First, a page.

With scrolling credits, originalsoundtracks, filmic action sequences and name-brand actors playing top roles, the line between video games and movies has never been thinner. The incredibly popular Medal Of Honor series takes that connection even further.A run of first-person games set in the battles of the second world war, Medal Of Honor is renowned for its realism.
The games ditch the overdone overtones of typical war sims and come as close as possible to the experience of heading into combat. They also bear a striking resemblance to the grisly, gripping fight scenes of Saving Private Ryan. The link is intentional.
Steven Spielberg and his Private Ryan crew acted as advisers to the game, and entire sequences here seem modelled on the film's shockingly visceral battles. The game is also as historically accurate as possible; the creators brought in military experts to make sure too many liberties weren't taken.
Whether you'll notice any of this once you settle in to play the game is questionable.
The action in Medal Of Honor is unbelievably intense. Your soldier works his way through six real-life battles, including fighting Nazis on a speeding train and seizing control of a major bridge.
Most impressive is the D-Day storming of Omaha Beach, a stunningly real-life scene that begins on a heavily rocking ship and immediately throws you into the action as your mates are blown apart next to you.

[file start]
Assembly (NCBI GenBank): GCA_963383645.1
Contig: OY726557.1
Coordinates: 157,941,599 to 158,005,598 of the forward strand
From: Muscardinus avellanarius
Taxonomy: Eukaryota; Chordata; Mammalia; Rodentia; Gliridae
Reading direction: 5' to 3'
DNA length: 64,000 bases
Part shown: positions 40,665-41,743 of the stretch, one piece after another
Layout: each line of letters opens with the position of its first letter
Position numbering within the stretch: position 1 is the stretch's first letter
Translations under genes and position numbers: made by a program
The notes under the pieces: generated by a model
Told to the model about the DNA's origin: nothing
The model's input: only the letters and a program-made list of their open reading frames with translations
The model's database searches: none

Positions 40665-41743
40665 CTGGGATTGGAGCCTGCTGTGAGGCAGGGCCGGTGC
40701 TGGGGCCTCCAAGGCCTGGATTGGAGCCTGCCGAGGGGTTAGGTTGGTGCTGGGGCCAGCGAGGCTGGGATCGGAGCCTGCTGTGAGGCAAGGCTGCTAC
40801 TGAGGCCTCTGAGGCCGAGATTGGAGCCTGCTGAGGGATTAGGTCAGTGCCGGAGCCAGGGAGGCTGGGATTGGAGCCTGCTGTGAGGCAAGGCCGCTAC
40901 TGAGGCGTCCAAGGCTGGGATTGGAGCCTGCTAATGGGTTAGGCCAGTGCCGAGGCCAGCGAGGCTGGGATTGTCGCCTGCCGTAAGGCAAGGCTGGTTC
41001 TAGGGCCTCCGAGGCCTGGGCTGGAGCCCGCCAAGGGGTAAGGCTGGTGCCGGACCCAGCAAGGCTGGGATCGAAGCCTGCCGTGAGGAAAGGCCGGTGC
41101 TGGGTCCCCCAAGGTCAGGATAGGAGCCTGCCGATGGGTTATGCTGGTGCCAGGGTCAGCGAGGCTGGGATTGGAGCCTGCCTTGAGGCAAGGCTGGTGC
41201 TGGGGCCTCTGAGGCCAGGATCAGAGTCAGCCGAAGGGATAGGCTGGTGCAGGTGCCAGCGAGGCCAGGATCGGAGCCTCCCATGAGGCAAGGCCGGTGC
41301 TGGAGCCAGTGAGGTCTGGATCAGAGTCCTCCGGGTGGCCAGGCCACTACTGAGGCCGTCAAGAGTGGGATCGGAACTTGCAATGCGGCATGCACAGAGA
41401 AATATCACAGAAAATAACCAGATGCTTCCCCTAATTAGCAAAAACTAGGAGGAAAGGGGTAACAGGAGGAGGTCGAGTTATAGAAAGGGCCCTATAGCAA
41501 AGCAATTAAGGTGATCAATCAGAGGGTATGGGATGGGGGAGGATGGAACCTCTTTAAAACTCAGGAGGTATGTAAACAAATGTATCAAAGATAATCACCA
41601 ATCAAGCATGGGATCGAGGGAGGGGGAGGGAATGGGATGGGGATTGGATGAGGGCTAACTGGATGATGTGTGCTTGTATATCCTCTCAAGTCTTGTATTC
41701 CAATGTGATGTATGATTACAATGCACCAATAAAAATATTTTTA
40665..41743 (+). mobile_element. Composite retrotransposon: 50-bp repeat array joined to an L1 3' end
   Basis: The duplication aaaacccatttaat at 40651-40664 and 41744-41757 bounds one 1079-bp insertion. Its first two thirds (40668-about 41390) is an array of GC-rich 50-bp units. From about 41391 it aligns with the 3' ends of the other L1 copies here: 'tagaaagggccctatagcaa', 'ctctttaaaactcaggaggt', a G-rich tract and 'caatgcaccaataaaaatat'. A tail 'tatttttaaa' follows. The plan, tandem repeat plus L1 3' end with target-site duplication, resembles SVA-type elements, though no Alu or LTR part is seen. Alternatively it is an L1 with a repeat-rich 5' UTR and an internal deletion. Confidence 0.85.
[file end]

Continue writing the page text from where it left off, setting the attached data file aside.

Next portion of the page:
The combination of relentless action, a wall of noise and stirring war music makes this scene alone the natural sequel to the similar sequence in Saving Private Ryan. It's the kind of thing you need to play over and over again to truly appreciate.
Medal Of Honor: Frontline is more war documentary than idle time-waster. It's the closest thing to the real deal I've ever seen. firstname.lastname@example.org
? ?rc="http://www.nowtoronto.com/images/cr itpick.gif" height="20" width="20">MEDAL OF HONOR: FRONTLINE for PlayStation 2, $80. Rating: NNNN
GRAPHICS: Bloody and brutal.
ADDICTIVENESS: War is hell, but it's also hard, and you'll need serious time to get this right.
ANTI-SOCIAL FACTOR: It's you and the enemy for the next few months.
PROXIMITY TO THE REAL THING: As good as it gets.